Few trade unions have as proud a record as the Canadian Union of Postal Workers. CUPW’s first illegal wildcat strike in 1965 succeeded in winning the right to collective bargaining for all public sector employees. Other major industrial actions over the following years won above average wage increases, and better job security in the face of new technology at the post office. When CUPW defied back-to-work legislation in a 1978 strike, President Jean-Claude Parrot was jailed. Three years later, CUPW became the first federal union in Canada to win maternity leave for its members. Rotating strikes in 1987 and 1991 against plans to privatize postal outlets were ended by back-to-work legislation, and saw attempts by Canada Post to break the strike using scabs. In 2003, CUPW organized about 6,000 Rural and Suburban Mail Carriers (RSMC), winning a first collective agreement for these workers, mostly women.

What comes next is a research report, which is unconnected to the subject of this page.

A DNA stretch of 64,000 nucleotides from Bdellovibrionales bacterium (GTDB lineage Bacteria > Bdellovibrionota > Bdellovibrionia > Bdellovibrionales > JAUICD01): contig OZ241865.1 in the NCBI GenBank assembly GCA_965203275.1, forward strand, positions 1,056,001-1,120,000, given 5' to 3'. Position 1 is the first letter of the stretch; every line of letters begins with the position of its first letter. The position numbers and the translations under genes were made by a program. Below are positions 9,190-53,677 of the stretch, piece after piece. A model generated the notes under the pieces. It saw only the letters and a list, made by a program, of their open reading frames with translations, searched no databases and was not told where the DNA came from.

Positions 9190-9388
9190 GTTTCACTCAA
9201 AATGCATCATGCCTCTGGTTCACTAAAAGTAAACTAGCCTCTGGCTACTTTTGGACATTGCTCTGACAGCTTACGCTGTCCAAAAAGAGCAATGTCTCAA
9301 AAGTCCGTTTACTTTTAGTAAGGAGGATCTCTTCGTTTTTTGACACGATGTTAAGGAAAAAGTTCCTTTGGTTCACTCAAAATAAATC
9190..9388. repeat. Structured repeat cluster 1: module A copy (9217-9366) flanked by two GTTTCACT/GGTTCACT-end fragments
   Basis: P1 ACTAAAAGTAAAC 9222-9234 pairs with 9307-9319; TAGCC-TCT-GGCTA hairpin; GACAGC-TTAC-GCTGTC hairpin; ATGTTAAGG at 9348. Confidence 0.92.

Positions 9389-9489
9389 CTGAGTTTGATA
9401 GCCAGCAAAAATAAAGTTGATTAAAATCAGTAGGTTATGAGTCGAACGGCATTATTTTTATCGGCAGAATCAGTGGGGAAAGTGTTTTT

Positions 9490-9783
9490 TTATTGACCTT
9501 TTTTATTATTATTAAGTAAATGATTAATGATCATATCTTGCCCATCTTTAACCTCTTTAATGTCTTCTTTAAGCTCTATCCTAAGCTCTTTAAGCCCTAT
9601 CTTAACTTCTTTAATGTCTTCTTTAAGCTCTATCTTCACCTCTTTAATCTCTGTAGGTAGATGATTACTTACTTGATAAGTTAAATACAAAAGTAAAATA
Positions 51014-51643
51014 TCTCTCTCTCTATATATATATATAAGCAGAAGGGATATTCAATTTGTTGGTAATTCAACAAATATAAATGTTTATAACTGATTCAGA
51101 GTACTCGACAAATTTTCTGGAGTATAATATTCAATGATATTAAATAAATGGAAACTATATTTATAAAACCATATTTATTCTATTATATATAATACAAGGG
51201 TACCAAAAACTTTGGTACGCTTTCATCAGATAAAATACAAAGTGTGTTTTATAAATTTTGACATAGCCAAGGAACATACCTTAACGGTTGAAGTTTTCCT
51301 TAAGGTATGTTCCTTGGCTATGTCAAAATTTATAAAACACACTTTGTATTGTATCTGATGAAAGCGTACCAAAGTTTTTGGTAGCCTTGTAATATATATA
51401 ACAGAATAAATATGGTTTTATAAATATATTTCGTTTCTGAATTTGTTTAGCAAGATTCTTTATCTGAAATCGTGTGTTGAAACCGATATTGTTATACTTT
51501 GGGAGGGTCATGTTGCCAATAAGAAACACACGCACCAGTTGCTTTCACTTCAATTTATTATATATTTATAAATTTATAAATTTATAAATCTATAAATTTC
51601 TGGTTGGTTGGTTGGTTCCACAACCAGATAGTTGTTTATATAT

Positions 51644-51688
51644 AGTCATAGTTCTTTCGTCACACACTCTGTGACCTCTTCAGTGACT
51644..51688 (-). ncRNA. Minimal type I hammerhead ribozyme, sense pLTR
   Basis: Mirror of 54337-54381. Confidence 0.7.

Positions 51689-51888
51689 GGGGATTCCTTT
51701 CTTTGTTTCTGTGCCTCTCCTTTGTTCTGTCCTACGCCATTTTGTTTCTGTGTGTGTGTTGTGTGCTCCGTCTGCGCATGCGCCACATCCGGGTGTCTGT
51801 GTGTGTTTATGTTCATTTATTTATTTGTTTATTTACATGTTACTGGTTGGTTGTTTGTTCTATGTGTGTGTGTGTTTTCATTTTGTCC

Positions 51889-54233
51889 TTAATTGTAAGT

Little wonder that successive Liberal and Conservative governments have frequently tried to weaken this militant, democratic and socially progressive trade union. This year, CUPW again faced off against a viciously anti-labour employer, winning a two-year collective agreement despite an intensive right-wing propaganda campaign. As we go to press, it appears that CUPW won some important gains. For example, the tentative deal doubles all paramedical benefits for RSMCs, with the exception of physiotherapy, raising extended healthcare benefits for these workers to the same level as urban operations. While the gendered 28% pay gap between urban and rural employees remains, the union did win a major victory, establishing a process to finally resolve this shocking pay discrepancy within nineteen months.
There are huge issues left unresolved at Canada Post, and the two-year agreement is a short time frame. This is not a time to relax: it remains urgent to stand in full solidarity with CUPW during the weeks and months ahead.